Q&A with Fred Moavenzadeh, the president of the Masdar Institute.
Masdar leader listens to students
Dr Fred Moavenzadeh, the president of the Masdar Institute, has steered the university from its early days. Building an academic powerhouse is no easy task, he tells The National.
How do you create an institution in such a short time that in other parts of the world requires a century or centuries?
I did not say here that it does not take centuries. [Laughs.] You have to be careful. It's not something that you can do overnight. But there are ways that you can expedite it and one way to expedite it is to learn the lessons of those that have succeeded. That's why we joint-ventured with MIT. OK, tell us the mistakes to avoid - not necessarily avoid all the mistakes, but most of the mistakes.
So what are they?
The number one lesson that we have learnt is that quality counts. You cannot compromise the quality and then try to establish a reputable institution. The second thing that we have learnt is that in an academic institution you cannot establish a top-down management or administration system. It has to be bottom-up. The faculty, the student has to be convinced, otherwise they won't want to do it. I cannot tell any faculty what to do. They can tell me.
That's not very surprising in the academic world.
That's right. [Laughs.] So this whole notion of developing a management style that is based on incentive recognition rather than punitive measures and fear is extremely important.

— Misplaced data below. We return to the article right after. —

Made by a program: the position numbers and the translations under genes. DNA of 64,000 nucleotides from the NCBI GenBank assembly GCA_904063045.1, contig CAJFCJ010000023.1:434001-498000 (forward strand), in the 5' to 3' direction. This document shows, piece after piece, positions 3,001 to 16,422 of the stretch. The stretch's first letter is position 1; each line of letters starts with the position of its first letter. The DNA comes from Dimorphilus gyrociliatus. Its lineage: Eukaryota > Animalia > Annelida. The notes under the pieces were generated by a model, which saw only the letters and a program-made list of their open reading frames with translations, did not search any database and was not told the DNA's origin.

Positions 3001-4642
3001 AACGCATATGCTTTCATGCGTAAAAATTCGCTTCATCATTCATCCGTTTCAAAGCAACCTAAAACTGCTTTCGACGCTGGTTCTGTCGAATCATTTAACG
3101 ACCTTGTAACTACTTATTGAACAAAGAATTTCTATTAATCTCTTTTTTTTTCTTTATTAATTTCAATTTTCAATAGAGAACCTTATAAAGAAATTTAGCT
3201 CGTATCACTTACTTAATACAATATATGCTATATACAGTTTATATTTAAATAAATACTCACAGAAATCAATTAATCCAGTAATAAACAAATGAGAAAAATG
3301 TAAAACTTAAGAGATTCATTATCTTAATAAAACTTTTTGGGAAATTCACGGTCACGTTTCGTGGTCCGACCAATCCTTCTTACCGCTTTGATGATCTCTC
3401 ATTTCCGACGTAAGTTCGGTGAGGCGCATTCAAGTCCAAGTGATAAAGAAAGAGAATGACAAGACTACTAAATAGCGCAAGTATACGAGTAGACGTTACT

What is incentive recognition?
If you're doing a good job, you get recognised. I have to recognise them, I have to congratulate them, I have to recognise them so that then they get motivated.
That sounds like manipulation.
Well, you may call it manipulation, but there's a lot of organisational psychology behind it. You have to recognise the difference between an academic institution and a business enterprise.
What's the key difference?
The key difference is that a business enterprise is top-down. The CEO [chief executive] decides, the rest will follow. Even right now that is changing. Even a good CEO knows that he has to build consensus. But academic institutions are notorious. They say that the administration in an academic institution is just like a person who tries to herd a bunch of cats. The dogs they follow, the sheep they follow, the cats they … [laughs].